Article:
|Wow. How embarrassing. Image|
from source, Think Progress.
And by make or break, I mean possibly broken apart, or broken altogether. Or maybe--just maybe--it will be upheld. As it pertains to healthcare, I'm currently covered by my husband's company's plan. Score one for inclusive corporations. So, I'm not impacted by the decision either way, at least not as things stand. But I know there are lots of people who are enjoying some health care improvements, such as having adult children on their plans until 26, or the moratorium on preexisting conditions.
The truth is, when the separate parts of the Affordable Care Act (Obamacare came from Hillarycare linguistically, and Romneycare genetically) are explained, people really like them. Dress them up with the Obamacare name, and inject some Rush Limbaugh-isms, and it has a very low approval rating. Big surprise. And don't tell me that Republicans pushed this Supreme Court battle "for the American people." It was done to get President Obama on his signature achievement. The "individual mandate" was a Republican idea, originally, after all. And it amounts to a tax. Thanks and congratulations will go to Grover Norquist for it not being called that. Who elected him?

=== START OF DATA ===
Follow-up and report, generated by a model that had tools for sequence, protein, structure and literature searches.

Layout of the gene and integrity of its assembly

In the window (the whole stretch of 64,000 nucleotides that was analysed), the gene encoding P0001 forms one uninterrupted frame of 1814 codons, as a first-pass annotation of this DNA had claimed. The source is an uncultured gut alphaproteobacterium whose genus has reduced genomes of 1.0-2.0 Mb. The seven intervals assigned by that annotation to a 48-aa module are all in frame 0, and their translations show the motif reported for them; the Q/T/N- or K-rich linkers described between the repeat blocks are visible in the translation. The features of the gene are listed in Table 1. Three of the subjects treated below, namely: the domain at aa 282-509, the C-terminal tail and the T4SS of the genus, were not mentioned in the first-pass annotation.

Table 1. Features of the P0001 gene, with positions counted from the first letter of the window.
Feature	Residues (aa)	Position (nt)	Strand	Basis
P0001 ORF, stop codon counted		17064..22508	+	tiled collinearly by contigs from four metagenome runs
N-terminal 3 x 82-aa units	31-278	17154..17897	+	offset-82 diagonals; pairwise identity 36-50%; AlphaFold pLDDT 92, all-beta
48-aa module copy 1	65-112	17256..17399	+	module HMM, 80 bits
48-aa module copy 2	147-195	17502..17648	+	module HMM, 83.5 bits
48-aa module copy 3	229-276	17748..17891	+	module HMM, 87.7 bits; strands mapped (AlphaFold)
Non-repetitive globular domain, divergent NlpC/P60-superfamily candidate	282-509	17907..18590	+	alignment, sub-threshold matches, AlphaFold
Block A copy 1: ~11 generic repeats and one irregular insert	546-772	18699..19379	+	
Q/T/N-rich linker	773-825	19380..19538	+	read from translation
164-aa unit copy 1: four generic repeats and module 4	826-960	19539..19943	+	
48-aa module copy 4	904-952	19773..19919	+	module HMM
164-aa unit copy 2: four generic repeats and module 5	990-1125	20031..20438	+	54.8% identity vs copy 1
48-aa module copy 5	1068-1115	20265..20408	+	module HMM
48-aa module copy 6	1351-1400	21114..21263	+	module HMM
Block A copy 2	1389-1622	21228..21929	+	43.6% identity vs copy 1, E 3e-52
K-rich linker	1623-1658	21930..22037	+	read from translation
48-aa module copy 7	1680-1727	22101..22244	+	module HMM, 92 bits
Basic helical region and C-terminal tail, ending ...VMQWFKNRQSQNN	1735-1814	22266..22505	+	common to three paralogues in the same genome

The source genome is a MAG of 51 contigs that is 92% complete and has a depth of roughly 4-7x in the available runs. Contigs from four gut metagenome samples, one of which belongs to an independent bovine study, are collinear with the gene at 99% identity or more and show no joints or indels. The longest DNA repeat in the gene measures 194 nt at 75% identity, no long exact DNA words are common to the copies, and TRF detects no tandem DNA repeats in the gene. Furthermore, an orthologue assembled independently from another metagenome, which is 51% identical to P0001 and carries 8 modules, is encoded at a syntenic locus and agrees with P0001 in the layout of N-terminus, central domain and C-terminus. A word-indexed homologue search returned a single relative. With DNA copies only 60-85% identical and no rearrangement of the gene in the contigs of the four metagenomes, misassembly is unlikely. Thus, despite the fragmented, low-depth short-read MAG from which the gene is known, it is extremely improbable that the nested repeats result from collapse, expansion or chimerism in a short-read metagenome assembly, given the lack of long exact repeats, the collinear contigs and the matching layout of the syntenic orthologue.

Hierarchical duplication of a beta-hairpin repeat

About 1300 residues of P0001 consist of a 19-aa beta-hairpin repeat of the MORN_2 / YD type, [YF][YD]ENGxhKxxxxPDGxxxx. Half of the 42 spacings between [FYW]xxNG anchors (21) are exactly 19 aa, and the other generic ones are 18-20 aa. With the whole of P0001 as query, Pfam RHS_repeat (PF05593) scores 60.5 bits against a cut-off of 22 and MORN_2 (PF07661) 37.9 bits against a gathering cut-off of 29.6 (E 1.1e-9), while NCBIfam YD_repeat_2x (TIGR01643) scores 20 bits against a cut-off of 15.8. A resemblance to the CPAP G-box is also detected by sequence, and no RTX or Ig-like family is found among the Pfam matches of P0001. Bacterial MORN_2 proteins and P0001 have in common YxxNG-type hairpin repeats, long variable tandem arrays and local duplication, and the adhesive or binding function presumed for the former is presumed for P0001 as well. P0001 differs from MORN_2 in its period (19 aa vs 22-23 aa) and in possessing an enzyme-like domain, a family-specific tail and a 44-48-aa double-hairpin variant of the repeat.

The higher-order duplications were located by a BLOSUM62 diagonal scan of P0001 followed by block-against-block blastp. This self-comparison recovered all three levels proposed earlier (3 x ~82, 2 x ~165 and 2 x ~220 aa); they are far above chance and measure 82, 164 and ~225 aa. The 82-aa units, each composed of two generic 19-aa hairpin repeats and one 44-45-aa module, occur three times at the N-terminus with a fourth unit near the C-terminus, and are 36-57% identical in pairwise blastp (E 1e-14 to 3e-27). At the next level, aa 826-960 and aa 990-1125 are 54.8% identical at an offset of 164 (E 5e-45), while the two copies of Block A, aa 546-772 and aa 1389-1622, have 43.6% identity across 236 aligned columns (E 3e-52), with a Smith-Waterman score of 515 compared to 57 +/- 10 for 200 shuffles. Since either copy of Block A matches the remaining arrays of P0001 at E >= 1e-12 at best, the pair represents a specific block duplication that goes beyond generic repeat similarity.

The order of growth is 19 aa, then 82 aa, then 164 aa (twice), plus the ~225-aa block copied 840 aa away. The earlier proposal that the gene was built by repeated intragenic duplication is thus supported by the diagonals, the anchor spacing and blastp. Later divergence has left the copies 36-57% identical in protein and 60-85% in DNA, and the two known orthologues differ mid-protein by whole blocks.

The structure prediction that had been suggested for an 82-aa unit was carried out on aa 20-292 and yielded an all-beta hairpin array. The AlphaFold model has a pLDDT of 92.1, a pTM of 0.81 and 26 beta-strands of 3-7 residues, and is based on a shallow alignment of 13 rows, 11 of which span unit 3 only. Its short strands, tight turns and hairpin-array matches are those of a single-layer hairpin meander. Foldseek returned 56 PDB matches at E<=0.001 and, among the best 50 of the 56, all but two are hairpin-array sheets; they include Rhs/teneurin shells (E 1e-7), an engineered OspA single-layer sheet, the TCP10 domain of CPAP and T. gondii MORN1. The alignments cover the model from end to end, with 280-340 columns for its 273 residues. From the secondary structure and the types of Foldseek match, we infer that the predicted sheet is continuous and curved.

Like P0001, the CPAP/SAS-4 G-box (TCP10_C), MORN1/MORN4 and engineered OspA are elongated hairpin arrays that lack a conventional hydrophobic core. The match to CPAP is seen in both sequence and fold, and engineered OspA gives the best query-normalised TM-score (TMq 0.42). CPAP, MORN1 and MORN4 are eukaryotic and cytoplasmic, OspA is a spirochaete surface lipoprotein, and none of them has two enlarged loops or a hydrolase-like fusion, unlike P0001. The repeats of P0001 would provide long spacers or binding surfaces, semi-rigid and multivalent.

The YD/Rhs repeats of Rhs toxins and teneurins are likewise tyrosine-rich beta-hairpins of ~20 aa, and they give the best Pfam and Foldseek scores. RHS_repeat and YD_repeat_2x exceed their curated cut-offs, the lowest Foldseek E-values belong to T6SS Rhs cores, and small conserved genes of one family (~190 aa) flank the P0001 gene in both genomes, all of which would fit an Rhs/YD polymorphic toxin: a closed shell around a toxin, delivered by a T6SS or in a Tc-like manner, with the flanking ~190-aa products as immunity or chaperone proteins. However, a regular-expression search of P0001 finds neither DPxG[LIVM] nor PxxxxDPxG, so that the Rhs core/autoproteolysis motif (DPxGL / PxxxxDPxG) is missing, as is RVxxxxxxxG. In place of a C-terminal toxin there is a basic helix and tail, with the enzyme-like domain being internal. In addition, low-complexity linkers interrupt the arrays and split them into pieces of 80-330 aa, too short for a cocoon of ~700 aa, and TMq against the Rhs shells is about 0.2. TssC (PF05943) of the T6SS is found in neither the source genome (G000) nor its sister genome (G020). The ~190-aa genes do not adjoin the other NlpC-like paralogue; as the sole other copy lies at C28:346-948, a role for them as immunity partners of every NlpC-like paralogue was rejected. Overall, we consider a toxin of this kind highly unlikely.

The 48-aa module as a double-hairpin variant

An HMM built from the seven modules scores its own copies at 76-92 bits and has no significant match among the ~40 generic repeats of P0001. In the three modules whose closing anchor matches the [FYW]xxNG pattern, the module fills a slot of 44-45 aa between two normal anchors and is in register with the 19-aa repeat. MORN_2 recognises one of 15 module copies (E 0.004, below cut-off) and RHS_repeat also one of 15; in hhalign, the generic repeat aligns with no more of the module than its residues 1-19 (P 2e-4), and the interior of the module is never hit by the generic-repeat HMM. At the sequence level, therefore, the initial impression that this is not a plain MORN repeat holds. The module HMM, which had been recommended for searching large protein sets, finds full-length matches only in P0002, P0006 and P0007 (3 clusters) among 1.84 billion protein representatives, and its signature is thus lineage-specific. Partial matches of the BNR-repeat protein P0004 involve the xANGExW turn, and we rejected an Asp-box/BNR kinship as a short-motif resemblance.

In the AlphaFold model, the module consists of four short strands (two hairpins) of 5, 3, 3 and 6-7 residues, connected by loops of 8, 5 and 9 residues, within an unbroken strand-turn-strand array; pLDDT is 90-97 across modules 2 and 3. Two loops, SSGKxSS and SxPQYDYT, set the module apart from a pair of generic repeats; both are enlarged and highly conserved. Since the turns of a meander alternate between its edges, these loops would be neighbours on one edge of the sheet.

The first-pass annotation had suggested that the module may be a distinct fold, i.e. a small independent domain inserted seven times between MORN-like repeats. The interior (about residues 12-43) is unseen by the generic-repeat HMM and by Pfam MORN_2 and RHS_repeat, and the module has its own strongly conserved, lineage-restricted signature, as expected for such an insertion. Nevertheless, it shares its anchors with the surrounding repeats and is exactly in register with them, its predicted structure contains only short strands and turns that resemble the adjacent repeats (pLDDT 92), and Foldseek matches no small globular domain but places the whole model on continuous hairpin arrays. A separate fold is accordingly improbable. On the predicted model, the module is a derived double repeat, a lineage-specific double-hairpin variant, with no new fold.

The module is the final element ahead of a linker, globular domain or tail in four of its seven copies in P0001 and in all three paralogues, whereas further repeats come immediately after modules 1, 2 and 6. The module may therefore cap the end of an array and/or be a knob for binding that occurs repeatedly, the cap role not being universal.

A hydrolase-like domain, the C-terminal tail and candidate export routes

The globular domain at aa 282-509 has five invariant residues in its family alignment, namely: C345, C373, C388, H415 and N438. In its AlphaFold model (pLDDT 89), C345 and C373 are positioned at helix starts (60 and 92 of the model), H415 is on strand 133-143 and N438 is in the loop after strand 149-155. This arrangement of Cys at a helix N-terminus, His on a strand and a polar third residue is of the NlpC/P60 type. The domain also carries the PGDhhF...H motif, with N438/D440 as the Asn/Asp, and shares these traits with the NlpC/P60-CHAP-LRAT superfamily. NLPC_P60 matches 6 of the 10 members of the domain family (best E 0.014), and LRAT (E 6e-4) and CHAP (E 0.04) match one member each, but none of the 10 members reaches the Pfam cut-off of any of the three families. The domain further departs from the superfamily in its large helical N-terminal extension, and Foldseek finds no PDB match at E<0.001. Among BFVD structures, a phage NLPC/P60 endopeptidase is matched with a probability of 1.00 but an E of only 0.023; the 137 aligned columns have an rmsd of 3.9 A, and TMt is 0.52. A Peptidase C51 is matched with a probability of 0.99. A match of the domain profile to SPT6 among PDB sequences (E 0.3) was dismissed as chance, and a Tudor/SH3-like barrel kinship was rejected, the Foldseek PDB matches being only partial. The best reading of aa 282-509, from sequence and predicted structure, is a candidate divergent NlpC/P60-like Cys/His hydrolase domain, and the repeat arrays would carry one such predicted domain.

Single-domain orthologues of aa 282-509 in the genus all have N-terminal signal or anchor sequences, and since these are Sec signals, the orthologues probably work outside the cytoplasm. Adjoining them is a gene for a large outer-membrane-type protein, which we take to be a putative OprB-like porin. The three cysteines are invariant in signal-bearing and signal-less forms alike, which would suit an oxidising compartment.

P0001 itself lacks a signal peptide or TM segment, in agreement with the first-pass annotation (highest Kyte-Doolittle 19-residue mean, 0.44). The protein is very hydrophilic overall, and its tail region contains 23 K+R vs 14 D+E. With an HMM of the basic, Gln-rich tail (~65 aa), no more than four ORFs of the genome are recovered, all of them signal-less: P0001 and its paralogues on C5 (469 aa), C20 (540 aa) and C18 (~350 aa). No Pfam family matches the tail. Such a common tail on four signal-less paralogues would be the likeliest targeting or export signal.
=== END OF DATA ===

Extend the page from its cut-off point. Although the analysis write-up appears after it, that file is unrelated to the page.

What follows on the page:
So, one way or the other, this is going to be big news today, all weekend, on the Sunday talk shows, and through next week. Whichever way it goes, it's going to be used by both sides in probably many elections. Unlike many of the other issues of the week or two, this one is going to have lasting impact. And thanks to an oopsie, we already know how it's going to be reported, in each possible outcome! At least from the Chicago Sun-Times. Like the ending of the movie Clue, there are multiple endings to this story, all pre-written, and accidentally released. And in each case, there is a downside for Obama! Liberal media my ass. . . .
Earlier today, the Chicago Sun-Times accidentally posted a pre-written story on tomorrow’s pending Affordable Care Act decision in the Supreme Court, which included ready-to-go intro paragraphs for several possible outcomes. . .
Read them all at: Think Progress